I have stumbled across websites for two more new companies that former Chesapeake Energy CEO Aubrey McClendon has formed, Arcadia Capital LLC, and McClendon Energy Partners LP. You can read more here about about McClendon’s new exploration and production company American Energy Partners LP, which is now hiring.
On its website, Arcadia Capital describes itself as a “family office that manages investments in oil and natural gas, real estate development and venture capital.”
Will McClendon will use Arcadia Capital to manage his personal investments? You can read more here about family offices.
McClendon’s personal holdings are extensive, including a 283-acre tree farm in Arcadia, a $70 million stake in ProCure Treatment Centers, Inc., a 19 percent interest in the Oklahoma City Thunder, as well as several restaurants and real estate development projects.
McClendon Energy Partners remains something of an enigma. There’s nothing to see on the website but a blurry shot of McClendon’s torso and gesturing hands.
Somebody out there knows more. E-mail me at firstname.lastname@example.org.
Aubrey McClendon’s new exploration and production venture American Energy Partners, LP has put up two billboards on NW 63 announcing that the company is now hiring.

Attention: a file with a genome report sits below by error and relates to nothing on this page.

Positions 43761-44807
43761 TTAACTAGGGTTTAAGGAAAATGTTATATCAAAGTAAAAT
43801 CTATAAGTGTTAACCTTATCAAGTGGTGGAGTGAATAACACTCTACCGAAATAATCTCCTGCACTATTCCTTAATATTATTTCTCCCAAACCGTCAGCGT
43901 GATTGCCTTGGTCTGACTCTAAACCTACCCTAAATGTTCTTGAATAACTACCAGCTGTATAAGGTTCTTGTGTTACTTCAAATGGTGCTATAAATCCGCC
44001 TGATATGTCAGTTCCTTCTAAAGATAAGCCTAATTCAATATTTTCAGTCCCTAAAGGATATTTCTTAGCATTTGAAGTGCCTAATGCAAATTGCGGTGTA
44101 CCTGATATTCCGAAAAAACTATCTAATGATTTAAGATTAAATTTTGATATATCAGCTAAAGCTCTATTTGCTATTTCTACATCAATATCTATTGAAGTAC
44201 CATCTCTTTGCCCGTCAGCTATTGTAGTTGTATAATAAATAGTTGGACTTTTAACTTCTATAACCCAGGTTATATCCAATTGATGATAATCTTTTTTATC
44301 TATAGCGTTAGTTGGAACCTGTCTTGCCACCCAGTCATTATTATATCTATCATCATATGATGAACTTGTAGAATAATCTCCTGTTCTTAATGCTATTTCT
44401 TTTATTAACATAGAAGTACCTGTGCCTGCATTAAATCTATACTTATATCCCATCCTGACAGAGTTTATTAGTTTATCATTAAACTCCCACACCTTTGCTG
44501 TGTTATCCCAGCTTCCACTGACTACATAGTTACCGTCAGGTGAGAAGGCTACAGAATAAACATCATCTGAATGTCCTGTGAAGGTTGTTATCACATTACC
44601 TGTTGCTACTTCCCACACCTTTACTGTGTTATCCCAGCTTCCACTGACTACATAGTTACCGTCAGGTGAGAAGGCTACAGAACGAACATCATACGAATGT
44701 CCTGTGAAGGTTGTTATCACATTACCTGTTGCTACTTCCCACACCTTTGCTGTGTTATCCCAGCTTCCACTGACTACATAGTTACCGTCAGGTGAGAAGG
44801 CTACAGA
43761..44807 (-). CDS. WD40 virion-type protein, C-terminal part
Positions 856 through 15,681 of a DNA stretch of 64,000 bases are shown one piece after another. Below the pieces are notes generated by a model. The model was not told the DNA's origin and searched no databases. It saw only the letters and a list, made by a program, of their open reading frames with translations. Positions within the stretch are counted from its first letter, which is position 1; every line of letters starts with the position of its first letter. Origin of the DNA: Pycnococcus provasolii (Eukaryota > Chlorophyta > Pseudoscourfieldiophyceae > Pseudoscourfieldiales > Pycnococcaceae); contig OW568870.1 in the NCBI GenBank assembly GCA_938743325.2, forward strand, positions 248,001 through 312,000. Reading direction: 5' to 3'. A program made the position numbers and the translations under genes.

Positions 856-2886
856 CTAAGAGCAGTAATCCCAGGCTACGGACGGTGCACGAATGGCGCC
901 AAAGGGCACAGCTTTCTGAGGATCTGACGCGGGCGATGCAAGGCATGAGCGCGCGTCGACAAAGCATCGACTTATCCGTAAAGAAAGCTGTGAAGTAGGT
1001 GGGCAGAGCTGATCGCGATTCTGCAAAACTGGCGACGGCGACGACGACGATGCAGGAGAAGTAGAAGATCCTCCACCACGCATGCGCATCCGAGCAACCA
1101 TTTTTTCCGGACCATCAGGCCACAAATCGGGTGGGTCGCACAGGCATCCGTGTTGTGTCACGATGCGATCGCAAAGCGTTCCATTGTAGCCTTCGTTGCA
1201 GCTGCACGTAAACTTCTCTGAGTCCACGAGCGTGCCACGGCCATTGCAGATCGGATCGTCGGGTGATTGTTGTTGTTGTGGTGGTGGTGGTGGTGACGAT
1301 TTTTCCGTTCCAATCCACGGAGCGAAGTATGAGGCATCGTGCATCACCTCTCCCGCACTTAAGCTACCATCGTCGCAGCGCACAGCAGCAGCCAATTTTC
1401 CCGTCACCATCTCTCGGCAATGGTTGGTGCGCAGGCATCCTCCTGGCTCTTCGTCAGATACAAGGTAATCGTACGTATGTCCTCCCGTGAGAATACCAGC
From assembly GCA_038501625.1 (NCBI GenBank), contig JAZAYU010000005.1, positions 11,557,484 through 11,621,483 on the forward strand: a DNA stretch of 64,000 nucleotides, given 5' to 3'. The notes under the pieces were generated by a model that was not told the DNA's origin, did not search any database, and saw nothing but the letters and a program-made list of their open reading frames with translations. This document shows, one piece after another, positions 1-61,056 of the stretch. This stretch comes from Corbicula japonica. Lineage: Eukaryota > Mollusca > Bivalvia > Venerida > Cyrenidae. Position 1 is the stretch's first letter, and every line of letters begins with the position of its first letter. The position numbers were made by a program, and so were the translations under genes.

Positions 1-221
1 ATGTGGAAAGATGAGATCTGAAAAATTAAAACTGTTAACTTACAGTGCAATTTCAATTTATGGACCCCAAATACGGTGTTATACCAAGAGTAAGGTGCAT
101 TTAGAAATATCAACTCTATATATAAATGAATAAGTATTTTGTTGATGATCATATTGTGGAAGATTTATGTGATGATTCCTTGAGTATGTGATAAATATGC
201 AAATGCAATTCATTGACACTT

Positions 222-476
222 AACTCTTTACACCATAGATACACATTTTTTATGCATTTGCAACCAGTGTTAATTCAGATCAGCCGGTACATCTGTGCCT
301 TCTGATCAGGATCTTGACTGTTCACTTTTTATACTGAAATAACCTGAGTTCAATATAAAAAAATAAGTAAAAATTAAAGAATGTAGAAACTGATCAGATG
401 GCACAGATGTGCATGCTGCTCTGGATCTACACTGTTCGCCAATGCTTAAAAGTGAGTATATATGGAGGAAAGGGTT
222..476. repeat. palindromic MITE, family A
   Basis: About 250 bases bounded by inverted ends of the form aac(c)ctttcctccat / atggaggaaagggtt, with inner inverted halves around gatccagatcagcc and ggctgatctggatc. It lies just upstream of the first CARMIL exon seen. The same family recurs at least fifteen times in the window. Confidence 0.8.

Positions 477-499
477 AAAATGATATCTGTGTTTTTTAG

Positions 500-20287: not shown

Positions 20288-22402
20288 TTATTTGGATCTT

The signs are near NW 63 and Interstate 235 and NW 63 at N. Harvey Avenue — right across the street from American Energy Partners’ new headquarters in the Harvey Parkway office building.
The Oklahoman broke the story last week about McClendon’s new energy company.
The company’s website, www.ae-lp.com, also has been updated and now contains more information on McClendon’s vision for the venture.
As always, McClendon is dreaming big.
“We’re looking for the industry’s best and brightest to join our team and help build a best-in-class E&P company to create significant value for our partners, our employees, our community and our country,” the website says.
McClendon is looking to make American Energy Partners a new “industry leader,” according to the website.
“We are a start-up, but we are ready to make our mark,” the website says.
McClendon’s separation agreement prohibits him from poaching employees from Chesapeake. But those billboards have to be pretty hard to miss for Chesapeake workers who take I-235 to work and get off at NW 63.
One of former Chesapeake Energy Corp.’s CEO Aubrey McClendon’s new companies, American Energy Partners LP, now has its website up.
There’s not much to see now, but from the looks of things McClendon is starting a new exploration and production company.
I wrote McClendon an e-mail at his new American Energy Partners e-mail address asking if he was willing to discuss his new venture with me. Promptly and politely, McClendon wrote back and said he was not ready to talk and probably wouldn’t be any time soon.
Click here for more on McClendon’s new ventures: American Energy Partners, McClendon Energy Partners and Arcadia Capital.